companies by only 1% means an increase
of procurement from Kazakh producers by
15 billion tenge. An extended meeting with
theheads of thebig nine isscheduled to
be held inthe nearest future for thepurpose
of setting targets for promotion of local
content intheir projects.

Kanatbek Safinov,
Executive Secretary of
the Ministry of Oil and Gas
of the Republic of Kazakhstan
We should understand that such an
administrative approach inthe development
of local content iscaused by global and
domestic consistencies, and theinfluence
of theeconomic crisis cannot be ignored.
Considering thelong-term development of
local content, thetodays policy interms
of works and services will not change with
theaccession of theKazakhstan to theWTO.
During thenegotiation process, we were
able to reach certain compromises to
preserve (albeit ina limited way) thepolicy
to support domestic production inoil and
gas sphere. For new contracts, we must
build a new model to support of Kazakhstani
economy by thesubsurface users.

Partnership potential

herange of equipment used inthe oil


and gas industry today isvery broad.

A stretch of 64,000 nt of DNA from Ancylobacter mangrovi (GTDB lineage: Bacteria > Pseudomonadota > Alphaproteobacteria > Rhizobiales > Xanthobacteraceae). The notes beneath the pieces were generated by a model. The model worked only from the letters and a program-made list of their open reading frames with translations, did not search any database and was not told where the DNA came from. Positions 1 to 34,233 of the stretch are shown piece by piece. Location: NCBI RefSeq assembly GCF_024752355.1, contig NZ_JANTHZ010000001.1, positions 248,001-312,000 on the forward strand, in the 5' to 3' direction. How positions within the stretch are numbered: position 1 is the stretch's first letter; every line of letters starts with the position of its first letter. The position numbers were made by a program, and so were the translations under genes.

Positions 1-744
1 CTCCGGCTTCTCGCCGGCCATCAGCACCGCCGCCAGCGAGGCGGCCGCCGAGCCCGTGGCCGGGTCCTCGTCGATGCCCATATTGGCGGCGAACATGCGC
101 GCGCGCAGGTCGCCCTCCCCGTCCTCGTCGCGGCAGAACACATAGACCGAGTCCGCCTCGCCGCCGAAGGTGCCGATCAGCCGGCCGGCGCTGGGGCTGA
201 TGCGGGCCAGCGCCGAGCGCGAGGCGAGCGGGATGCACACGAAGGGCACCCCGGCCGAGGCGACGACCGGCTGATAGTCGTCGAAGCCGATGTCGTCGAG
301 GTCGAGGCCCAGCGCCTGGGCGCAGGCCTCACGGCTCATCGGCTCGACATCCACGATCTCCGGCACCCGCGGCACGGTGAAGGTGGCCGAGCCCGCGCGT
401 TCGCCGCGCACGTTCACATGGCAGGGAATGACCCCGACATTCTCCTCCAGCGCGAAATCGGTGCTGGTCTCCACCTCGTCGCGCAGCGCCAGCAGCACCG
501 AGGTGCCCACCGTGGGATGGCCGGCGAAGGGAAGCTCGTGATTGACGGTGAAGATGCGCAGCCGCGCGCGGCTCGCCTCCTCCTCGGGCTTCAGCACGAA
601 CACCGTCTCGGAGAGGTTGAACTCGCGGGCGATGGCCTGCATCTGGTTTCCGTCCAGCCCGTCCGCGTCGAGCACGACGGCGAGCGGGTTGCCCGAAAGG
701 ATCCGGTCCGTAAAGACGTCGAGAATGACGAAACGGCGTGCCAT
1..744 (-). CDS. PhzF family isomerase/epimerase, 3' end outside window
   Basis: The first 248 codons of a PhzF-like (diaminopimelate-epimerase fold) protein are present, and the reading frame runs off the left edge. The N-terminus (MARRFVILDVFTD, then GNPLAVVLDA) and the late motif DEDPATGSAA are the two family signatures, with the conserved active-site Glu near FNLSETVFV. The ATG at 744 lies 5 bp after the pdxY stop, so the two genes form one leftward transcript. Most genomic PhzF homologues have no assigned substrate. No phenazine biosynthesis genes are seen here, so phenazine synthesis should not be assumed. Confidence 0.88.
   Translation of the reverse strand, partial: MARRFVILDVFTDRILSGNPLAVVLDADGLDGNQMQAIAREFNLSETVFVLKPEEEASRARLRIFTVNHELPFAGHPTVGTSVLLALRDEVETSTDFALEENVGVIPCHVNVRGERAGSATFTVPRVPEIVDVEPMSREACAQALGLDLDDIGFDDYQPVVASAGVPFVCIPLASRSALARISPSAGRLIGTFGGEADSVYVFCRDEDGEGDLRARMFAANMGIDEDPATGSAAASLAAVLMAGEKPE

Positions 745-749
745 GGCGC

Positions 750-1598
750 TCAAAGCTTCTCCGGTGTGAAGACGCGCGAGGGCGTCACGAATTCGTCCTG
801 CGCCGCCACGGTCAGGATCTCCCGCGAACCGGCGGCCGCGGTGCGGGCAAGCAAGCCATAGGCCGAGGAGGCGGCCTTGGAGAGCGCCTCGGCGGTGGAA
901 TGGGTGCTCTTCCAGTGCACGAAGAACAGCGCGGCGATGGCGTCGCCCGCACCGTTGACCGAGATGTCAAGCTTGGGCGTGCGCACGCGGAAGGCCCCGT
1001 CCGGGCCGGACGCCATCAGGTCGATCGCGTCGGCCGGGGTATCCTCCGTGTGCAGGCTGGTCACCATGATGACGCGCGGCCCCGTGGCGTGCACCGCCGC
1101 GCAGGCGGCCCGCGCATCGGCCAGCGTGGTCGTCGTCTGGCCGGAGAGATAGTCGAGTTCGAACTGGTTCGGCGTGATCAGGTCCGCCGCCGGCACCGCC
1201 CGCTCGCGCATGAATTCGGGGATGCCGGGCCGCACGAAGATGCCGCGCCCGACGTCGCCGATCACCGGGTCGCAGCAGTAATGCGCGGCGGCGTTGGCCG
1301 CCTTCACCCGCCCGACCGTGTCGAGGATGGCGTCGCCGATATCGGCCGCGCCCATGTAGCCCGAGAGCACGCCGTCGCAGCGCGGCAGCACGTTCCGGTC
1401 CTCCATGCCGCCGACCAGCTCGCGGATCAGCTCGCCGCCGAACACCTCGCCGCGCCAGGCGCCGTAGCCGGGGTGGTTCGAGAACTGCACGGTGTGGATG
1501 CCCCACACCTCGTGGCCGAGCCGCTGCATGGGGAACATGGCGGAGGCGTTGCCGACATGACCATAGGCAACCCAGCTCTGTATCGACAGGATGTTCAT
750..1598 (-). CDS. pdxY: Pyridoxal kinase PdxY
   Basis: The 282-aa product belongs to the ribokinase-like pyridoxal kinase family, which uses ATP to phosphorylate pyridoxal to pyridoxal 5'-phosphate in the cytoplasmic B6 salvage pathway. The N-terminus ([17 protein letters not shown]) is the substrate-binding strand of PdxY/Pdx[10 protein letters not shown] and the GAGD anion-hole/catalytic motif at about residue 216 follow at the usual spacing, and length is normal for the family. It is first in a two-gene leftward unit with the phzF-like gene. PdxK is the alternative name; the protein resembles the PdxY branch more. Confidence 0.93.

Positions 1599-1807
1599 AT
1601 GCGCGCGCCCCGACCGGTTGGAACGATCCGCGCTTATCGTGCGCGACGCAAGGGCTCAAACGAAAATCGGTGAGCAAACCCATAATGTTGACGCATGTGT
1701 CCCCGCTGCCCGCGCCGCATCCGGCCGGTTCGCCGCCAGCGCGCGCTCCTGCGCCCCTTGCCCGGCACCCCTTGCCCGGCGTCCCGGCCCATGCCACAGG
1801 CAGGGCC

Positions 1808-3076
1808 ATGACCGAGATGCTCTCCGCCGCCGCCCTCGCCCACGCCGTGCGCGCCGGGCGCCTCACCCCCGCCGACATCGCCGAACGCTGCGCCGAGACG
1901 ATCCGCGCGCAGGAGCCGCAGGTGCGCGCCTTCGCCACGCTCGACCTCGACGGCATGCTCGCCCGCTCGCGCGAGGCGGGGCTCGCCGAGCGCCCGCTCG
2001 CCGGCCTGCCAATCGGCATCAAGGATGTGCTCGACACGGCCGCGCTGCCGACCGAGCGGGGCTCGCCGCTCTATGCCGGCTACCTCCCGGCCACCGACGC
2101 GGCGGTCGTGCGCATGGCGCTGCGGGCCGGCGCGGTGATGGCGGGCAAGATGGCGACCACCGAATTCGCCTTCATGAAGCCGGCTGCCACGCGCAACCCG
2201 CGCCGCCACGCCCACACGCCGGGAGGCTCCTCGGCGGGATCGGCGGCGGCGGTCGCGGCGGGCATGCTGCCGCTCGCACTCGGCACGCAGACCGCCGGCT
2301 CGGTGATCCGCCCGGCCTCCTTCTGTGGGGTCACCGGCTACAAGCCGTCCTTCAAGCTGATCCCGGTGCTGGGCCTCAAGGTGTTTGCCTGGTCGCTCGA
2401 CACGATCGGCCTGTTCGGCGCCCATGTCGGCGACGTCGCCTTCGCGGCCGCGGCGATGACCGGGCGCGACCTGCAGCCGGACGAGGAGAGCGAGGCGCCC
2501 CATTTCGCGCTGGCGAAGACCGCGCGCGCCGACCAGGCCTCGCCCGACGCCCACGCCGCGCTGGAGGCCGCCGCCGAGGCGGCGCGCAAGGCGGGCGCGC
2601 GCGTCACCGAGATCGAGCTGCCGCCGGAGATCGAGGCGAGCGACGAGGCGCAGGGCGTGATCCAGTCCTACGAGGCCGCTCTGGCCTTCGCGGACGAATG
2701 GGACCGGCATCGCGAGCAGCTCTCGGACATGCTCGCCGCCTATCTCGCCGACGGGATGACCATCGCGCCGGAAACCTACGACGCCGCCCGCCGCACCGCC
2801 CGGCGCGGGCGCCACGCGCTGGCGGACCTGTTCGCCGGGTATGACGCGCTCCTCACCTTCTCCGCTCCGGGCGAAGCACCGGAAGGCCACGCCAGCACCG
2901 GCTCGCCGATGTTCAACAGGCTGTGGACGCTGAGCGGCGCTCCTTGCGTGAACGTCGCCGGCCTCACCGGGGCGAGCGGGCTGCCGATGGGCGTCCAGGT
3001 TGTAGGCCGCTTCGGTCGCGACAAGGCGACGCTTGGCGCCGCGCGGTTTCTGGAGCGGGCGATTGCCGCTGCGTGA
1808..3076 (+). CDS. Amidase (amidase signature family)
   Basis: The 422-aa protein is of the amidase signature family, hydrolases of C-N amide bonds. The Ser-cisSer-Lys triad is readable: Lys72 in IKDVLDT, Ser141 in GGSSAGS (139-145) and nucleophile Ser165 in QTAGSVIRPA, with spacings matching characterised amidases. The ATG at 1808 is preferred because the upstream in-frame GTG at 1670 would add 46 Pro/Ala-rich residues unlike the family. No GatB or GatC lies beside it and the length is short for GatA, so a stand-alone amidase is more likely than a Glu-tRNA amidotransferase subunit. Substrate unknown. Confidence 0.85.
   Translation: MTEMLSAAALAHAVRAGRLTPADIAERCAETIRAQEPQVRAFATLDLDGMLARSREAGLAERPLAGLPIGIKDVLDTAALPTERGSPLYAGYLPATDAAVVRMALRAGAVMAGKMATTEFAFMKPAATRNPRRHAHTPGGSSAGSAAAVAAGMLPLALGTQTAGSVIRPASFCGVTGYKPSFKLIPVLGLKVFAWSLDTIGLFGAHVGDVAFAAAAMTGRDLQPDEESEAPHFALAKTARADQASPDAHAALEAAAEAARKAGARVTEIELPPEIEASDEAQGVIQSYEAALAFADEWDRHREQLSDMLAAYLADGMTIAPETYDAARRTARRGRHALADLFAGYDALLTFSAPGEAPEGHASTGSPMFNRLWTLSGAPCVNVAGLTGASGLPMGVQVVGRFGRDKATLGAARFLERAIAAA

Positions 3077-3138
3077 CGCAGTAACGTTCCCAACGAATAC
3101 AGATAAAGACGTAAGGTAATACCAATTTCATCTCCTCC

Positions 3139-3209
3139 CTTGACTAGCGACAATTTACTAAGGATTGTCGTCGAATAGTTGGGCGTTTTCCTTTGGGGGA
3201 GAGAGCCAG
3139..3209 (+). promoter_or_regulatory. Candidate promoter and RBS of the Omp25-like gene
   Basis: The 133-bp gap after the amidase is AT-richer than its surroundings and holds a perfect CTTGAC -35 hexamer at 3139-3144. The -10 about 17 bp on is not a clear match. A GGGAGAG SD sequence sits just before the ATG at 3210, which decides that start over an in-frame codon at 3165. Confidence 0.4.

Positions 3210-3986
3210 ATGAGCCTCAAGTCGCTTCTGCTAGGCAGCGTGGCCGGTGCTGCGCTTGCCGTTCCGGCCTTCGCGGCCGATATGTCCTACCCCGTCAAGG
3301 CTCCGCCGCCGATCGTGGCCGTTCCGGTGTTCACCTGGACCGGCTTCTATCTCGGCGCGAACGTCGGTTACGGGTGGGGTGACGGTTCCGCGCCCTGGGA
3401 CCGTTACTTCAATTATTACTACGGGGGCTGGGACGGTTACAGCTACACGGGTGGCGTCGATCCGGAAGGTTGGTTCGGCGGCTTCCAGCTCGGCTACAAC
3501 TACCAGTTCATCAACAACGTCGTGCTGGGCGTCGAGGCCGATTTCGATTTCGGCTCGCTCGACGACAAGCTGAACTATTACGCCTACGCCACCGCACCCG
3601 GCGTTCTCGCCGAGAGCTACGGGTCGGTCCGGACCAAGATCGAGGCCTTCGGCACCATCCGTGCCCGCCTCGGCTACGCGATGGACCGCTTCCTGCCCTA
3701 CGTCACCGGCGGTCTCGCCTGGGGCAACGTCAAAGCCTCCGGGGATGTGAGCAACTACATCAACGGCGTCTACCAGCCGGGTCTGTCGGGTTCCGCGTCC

For example, inthe procurement analysis
conducted jointly by thework groups of
KMG, TCO, KPO, NCOC and Association of
Legal Entities Union of Machine Builders
of Kazakhstan aiming to increase local
content inmajor oil and gas projects
onthe product group, 30 thousand items of
equipment, spare parts, tools and materials
were revealed.

Kazakhstan 2012# 5

91

Ministry of Oil and Gas

Consider ing theabove, itis ver y


important to correctly identify therange
of import substitution goods, and to assess
theeconomic feasibility and technical
possibilities of their production inthe long
term, that is, during theentire life cycle of
theproject.
Theinit iat ives of theK AZENERGY
Association, large oil and gas operators,
local and foreign companies are primarily
focused onincreasing local content inthe
procurement of subsoil users, including
through thecreation of joint ventures with
foreign service companies, which should
bring modern technologies, investments,
and ensure thecreation of new jobs. All of
theabove should give additional impetus
to thedevelopment of both oil and gas and
related industries inKazakhstan.
As thebenefits received by foreign
partners injoint ventures, itmay be noted,
first, thestate-run policy for industrial and
innovative development, creating a solid
foundation for thesuccessful expansion of
thebusiness inthe long term, as well as a
favorable investment climate. Second, there
isa potential opportunity to win thetender
for thesupply of goods, works and services
for national companies and organizations
that are part of Samruk-Kazyna JSC, as well
as theentry to themarket of theCustoms
Union count r ie s and K a z akhs t ans
neighboring states.

Thepersonnel isfirst

or thetwo decades Kazakhstan has been


developing its oil and gas industry. And
if atthe beginning therepublic suffered

92

l 2012# 5l

Kazakhstan

lack of knowledge and experience to